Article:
Saturday, March 23, 2013

When To Compost

The composter my husband rescued
from the trash for me

It's no secret that I am a big fan of compost.  Any dedicated gardener will tell you it's the best thing you can do for your garden.  I've written about it many times before.  The Benefits of Compost, 10 Dos and Donts for Compost and Keep The Compost Going are all full of  good tips for any composting beginner.

Think of a compost as the means of returning to the earth those nutrients we deplete when we  garden.  It is a cycle of give and take that anyone can benefit from.  We enjoy the nutritious crops we harvest from our garden, than we return the nourishment back to the soil with scraps and discarded yard clippings.  Now our yield of produce will be as beneficial as it is every year.  The earth is supplying our foliage what it needs to provide tasty vegetables.  We are supplying our earth with the supplements necessary to give our vegetables a generous output.
The beginning of a good compost
with yard clippings

If you've read my prior posts on compost I've touched on the benefits of adding compost to your vegetation, as well as the benefits on the environment.  I've touched on how to begin and what is acceptable to add to a compost.  I've also discussed how best to take care of the compost so it will transform from scraps to a decomposed wonder.   But how do you know when it's best to compost?  Is it possible to add too compost to a garden?  How do you know when you've added enough compost?

When you take care of the compost you develop a rich dark soil that is full of  beneficial chemical elements.  The result becomes the most abundant soil conditioner your plot will thrive with.  The earthy aroma of your compost is a very good sign that it is ready to blend with your garden.  It's a fragrance you simply can't miss! Be sure to use only the dark rich soil by turning the compost and using what is on the bottom.  The picture on the right shows what is beneath the fresh leaves at the top of my compost.   A compound that is almost black in color and ready to go to work for me.  Another option is to simply stop adding to the debris so it dissolves completely.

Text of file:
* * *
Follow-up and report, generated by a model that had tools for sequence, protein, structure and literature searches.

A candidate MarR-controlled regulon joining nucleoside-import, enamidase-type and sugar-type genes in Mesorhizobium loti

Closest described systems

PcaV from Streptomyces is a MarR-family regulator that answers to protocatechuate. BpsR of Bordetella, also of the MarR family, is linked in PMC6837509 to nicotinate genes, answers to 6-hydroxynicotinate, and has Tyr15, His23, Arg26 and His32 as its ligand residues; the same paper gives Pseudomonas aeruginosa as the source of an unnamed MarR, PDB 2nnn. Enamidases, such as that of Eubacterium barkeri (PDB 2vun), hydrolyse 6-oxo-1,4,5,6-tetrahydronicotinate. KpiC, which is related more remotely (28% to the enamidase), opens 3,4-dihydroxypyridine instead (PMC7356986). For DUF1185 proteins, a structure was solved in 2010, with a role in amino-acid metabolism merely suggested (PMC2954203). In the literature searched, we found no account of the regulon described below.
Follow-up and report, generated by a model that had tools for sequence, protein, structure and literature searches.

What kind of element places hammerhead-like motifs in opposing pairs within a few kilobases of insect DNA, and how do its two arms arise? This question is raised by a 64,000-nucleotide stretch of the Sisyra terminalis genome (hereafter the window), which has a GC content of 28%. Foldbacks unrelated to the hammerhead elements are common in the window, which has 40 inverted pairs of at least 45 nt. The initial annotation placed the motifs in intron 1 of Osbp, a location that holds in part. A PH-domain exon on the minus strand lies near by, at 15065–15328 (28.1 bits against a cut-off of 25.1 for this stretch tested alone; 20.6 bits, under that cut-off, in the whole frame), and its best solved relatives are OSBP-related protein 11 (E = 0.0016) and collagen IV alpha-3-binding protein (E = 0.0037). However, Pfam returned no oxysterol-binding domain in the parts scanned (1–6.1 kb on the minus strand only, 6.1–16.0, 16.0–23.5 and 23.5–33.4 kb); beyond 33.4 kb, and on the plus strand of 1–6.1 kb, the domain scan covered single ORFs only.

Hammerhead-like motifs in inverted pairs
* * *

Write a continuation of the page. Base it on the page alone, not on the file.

When mature compost will be dark
 and smell rich
I would say the number one rule of gardening is pay attention and listen to you plants.  Before setting out seeds I like to mix in a heap of compost, at least 3 inches deep, with the ground.  Stir it in well and allow it to set for a few day and you've got a good start to a bountiful yield of fresh produce.  Adding water to the mixture is a good way to help distribute the compounds evenly. Many people recommend just layering the top of your ground with compost.  I find that blending increases the available advantages. Once your seedlings begin to sprout your will notice a very healthy appearance.  As they mature you want to continue profiting from healthy plants.  Chances are you may not need to recondition your soil.  If your plants begin to look like they are suffering from more than heat additional compost won't harm them.  This is when it is more beneficial to add a layer about an inch think around the base of your plant and add water to help penetrate the plant.

The more you compost the healthier your soil is.  If you have already been distributing compost for several years your soil is fairly healthy.  Once conditioned it is only necessary to freshen the land in early Spring, or just before planting.  For me it's preferable to compost in late Fall and again just before growing season.  If you have started a new process of composting it won't harm your plants to circulate another layer of compost in late spring or early summer.  It's difficult to "over" compost the plot, but you always want to make sure you've conditioned enough.